So I have an alien biosphere in which trisexual reproduction predominates. As far as we can tell, trisexual reproduction does not offer an advantage when it comes to shuffling genes. The biological mechanics are already explained in detail, so I only need to answer the why.

Why would the biosphere evolve this way? What selection pressures would favor the evolution of reproduction requiring three individuals over two? Resistance to inbreeding forced by frequent population bottlenecks? Genetic redundancy that would mitigate frequent exposure to mutagens? Etc.

  • 1
    $\begingroup$ Plants are the only terrestrial eukariotes with an alternance of haploid and diploid generations. Animals and fungi don't do it. $\endgroup$
    – AlexP
    Sep 17, 2018 at 15:21
  • $\begingroup$ @AlexP: I'm including gametes and zygotes in that statement. Those are still organisms. $\endgroup$
    – Anonymous
    Sep 17, 2018 at 16:13
  • $\begingroup$ Do you want a real triploidity, or it's enough to have three diploid sexes? $\endgroup$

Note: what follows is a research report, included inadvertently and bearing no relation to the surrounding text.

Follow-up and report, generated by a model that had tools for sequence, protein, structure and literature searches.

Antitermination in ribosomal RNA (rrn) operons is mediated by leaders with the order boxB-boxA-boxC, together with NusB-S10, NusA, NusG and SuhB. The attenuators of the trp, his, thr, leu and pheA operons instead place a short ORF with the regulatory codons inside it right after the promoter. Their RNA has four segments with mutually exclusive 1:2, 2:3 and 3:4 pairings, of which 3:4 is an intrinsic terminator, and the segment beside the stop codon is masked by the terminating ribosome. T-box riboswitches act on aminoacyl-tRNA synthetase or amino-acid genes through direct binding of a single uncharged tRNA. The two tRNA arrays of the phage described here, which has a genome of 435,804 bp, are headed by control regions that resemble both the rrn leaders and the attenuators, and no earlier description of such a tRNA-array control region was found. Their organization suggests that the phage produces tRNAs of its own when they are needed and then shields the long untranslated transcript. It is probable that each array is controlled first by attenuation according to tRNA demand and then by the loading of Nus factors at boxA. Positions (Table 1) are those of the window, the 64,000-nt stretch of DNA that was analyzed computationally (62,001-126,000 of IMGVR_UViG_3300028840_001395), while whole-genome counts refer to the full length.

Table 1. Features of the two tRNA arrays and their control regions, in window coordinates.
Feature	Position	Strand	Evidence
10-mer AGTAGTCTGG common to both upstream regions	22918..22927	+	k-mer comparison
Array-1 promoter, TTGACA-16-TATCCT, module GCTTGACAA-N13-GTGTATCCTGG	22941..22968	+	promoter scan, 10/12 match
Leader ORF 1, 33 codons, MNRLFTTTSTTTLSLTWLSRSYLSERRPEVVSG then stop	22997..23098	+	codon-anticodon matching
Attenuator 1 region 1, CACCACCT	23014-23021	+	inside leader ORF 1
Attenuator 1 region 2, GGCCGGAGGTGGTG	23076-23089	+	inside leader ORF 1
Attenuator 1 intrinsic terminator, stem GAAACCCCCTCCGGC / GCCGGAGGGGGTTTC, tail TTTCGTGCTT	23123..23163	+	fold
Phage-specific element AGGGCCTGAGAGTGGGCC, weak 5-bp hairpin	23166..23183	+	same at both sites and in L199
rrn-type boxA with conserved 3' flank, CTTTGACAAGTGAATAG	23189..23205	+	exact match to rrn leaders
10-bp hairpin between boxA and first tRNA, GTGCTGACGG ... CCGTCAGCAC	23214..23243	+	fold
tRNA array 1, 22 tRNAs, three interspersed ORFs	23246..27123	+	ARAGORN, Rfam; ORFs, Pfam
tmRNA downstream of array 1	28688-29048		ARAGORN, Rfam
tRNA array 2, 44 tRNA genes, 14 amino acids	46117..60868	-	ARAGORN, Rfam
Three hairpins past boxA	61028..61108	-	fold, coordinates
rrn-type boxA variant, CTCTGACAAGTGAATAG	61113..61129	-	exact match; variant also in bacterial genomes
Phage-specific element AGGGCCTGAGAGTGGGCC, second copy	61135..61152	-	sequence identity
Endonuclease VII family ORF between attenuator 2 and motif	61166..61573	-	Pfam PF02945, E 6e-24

– Alexander
    Sep 17, 2018 at 18:03
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    $\begingroup$ Gametes are not organisms. They are specialized cells produced by an organism. Unlike spores, gametes cannot survive and grow on their own; they must fuse with another gamete to fulfill their function. (As everything in biology, this has exceptions. Those are exceptions.) Consider plants, which do exhibit an alternance of generations. Diplod sporophytes produce haploid spores; each spore has the capacity to grow into a complete haploid organism, the gametophyte, which produces gametes; a male and female gamete must fuse in a diploid zygote, from which a new diploid sporophyte grows. $\endgroup$
    – AlexP
    Sep 17, 2018 at 18:11
  • $\begingroup$ Please ask only one question per post. Once the first question is answered, you can ask the second one based on the result. As it is, your question is too broad. $\endgroup$
    – Elmy
    Sep 17, 2018 at 18:31